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Indie art goes to market
A new local outlet provides a cutting-edge alternative to typical arts and crafts shows
August 23, 2007 — Rochester Democrat & Chronicle — Mary Chao, staff writer
photograph of Shanna
Textile artist Shanna Murray cuts material into squares that will be used to make stuffed soft blocks for children. Murray and three other artists founded Second Storie, an independent market for artists and trendier crafts.
Photograph by Annette Lein, Democrat & Chronicle.

On a large chalkboard in her carriage house apartment that doubles as a working studio, textile artist Shanna Murray writes a laundry list of things to do before her craft fair in two weeks.

There are pillows to make, bags to sew and dresses to make for the first indie art and craft show at the Visual Studies Workshop on Prince Street.

Together with fellow artists JoAnn McGranahan, Karen Stocks and Cris Sasso, Murray founded Second Storie, which they describe as an independent market for artists and a younger, trendier alternative to craft fairs.

“The art and craft indie market is strong all over the country,” Murray said.

Shoppers will not find floral wreaths or bird houses on a stick at Second Storie, said Murray, select the vendors with an eye toward edgier arts and crafts.

The first of the quarterly market events will be Friday evening, Sept. 7, and Saturday, Sept. 8, at Visual Studies Workshop. Seventeen vendors have been selected so far, said McGranahan, 32, of Brighton.

Vendors include potters, ceramic artists and letterpress artists.

The purpose of the show is to give fledgling artists an opportunity to start their own small businesses, Murray said. The table rental is $50 for the two days, much less than for some other craft fairs, she said.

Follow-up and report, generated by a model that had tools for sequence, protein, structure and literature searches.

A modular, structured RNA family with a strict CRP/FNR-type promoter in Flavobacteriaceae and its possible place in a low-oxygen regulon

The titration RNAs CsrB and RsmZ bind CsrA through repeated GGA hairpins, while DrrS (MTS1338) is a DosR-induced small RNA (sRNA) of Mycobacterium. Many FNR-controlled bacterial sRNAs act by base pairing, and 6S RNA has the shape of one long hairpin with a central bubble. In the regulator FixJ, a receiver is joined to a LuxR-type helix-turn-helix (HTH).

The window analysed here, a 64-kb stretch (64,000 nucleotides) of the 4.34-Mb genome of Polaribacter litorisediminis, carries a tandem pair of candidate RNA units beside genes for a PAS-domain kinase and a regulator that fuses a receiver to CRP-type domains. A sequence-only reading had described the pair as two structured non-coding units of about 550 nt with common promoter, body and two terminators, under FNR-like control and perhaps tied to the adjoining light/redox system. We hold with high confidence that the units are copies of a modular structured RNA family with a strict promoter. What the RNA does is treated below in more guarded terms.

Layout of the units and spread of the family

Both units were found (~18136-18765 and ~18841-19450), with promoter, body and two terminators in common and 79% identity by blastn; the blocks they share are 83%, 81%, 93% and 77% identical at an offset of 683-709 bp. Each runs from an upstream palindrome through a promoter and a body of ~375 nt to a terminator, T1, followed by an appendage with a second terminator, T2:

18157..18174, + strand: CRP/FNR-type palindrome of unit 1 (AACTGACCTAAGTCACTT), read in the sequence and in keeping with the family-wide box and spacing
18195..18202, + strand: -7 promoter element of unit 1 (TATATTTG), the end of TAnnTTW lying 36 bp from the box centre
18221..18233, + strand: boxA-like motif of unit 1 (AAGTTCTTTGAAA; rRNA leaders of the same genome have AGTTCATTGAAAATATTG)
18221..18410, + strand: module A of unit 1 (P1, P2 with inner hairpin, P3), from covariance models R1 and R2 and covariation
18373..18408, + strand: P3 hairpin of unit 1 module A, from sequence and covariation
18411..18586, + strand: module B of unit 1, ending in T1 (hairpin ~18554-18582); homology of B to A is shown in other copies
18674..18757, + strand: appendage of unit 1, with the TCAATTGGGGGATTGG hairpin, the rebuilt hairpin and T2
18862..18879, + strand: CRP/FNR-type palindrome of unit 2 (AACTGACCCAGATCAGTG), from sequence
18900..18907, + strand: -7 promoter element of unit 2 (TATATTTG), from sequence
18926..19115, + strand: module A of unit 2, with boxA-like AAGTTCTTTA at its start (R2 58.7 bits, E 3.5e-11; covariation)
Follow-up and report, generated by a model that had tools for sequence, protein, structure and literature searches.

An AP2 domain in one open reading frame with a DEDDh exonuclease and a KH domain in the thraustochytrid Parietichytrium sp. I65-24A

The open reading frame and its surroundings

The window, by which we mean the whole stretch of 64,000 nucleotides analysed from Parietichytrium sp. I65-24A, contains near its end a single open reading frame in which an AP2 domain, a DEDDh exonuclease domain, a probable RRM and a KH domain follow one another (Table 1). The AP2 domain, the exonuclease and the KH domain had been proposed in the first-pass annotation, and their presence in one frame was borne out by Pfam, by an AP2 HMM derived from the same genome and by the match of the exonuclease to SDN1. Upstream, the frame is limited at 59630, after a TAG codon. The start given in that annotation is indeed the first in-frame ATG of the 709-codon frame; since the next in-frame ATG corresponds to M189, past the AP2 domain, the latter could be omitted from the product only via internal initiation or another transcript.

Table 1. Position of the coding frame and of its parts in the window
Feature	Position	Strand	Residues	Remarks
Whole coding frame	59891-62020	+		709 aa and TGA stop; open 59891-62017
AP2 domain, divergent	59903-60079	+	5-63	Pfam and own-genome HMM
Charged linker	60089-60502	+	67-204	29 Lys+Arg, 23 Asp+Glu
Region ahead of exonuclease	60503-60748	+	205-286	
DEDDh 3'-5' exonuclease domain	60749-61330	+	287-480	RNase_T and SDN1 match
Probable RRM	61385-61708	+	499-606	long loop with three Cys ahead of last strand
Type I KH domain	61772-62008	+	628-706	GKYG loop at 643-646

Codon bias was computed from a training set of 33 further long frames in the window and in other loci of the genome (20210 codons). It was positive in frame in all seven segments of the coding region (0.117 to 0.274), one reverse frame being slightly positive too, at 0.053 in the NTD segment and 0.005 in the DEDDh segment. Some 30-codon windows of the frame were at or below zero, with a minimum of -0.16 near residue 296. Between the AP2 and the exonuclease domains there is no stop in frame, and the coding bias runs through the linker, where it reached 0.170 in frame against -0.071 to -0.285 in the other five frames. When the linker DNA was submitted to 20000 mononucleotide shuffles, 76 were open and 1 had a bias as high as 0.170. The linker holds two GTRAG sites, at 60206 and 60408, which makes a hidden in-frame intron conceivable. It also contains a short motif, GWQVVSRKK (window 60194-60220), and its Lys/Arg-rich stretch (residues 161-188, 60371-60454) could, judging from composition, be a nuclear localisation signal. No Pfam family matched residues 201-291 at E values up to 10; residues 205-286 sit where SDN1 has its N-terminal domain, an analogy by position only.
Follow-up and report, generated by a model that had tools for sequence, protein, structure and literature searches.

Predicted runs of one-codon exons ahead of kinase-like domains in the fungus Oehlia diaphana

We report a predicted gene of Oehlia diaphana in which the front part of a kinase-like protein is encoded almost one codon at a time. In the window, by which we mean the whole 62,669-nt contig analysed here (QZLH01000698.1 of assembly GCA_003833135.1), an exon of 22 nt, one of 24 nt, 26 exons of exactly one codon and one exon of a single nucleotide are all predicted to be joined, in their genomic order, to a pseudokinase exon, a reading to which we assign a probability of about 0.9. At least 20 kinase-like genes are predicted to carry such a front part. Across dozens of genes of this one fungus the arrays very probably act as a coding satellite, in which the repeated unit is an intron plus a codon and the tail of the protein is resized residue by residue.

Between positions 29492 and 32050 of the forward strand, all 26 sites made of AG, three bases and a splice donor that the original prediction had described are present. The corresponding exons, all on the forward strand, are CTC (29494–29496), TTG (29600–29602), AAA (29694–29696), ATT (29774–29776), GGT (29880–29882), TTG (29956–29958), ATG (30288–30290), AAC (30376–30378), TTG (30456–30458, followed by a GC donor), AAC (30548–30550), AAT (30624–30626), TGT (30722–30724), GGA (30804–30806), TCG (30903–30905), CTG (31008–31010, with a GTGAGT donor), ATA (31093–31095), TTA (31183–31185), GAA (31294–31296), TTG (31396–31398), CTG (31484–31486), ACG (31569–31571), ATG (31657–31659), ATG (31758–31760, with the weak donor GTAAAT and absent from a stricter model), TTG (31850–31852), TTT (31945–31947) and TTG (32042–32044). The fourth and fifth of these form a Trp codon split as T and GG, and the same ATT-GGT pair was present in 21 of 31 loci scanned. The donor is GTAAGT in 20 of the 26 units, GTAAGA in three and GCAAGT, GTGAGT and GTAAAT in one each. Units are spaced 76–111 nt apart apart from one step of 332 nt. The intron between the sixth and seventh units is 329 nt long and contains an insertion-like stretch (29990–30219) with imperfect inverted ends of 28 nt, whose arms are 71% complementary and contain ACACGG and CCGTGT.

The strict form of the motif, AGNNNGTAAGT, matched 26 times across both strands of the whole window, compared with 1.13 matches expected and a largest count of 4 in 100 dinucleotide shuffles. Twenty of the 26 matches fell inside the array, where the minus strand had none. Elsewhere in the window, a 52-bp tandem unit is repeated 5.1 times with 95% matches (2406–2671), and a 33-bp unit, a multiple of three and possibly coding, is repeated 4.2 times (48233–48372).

“We want to make it accessible to younger people,” Murray said, noting that the high cost of some craft fairs may be a deterrent for young people to enter the arts field.

Murray, who last year launched her craft business — Shanna Murray Fine Handmade Goods — found tremendous success after the Clothesline Festival at the Memorial Art Gallery. She now sells her wares, such as clothing and building blocks for children using organic fabrics, to eight boutiques around the country.

Getting ready for the upcoming Second Storie show “forces you to pull your whole line together,” Murray said. She is restocking her inventory for the event while McGranahan is creating her handmade purses.

Kris Merola, coordinator at Visual Studies Workshop, is looking forward to the different artists, an approach that fits with the mission of the nonprofit agency, which offers a master of fine arts degree through State University College at Brockport.

“It seems like the alternative nature of the art really fits in with what we're doing,” she said.

Copyright © 2007, The Rochester Democrat and Chronicle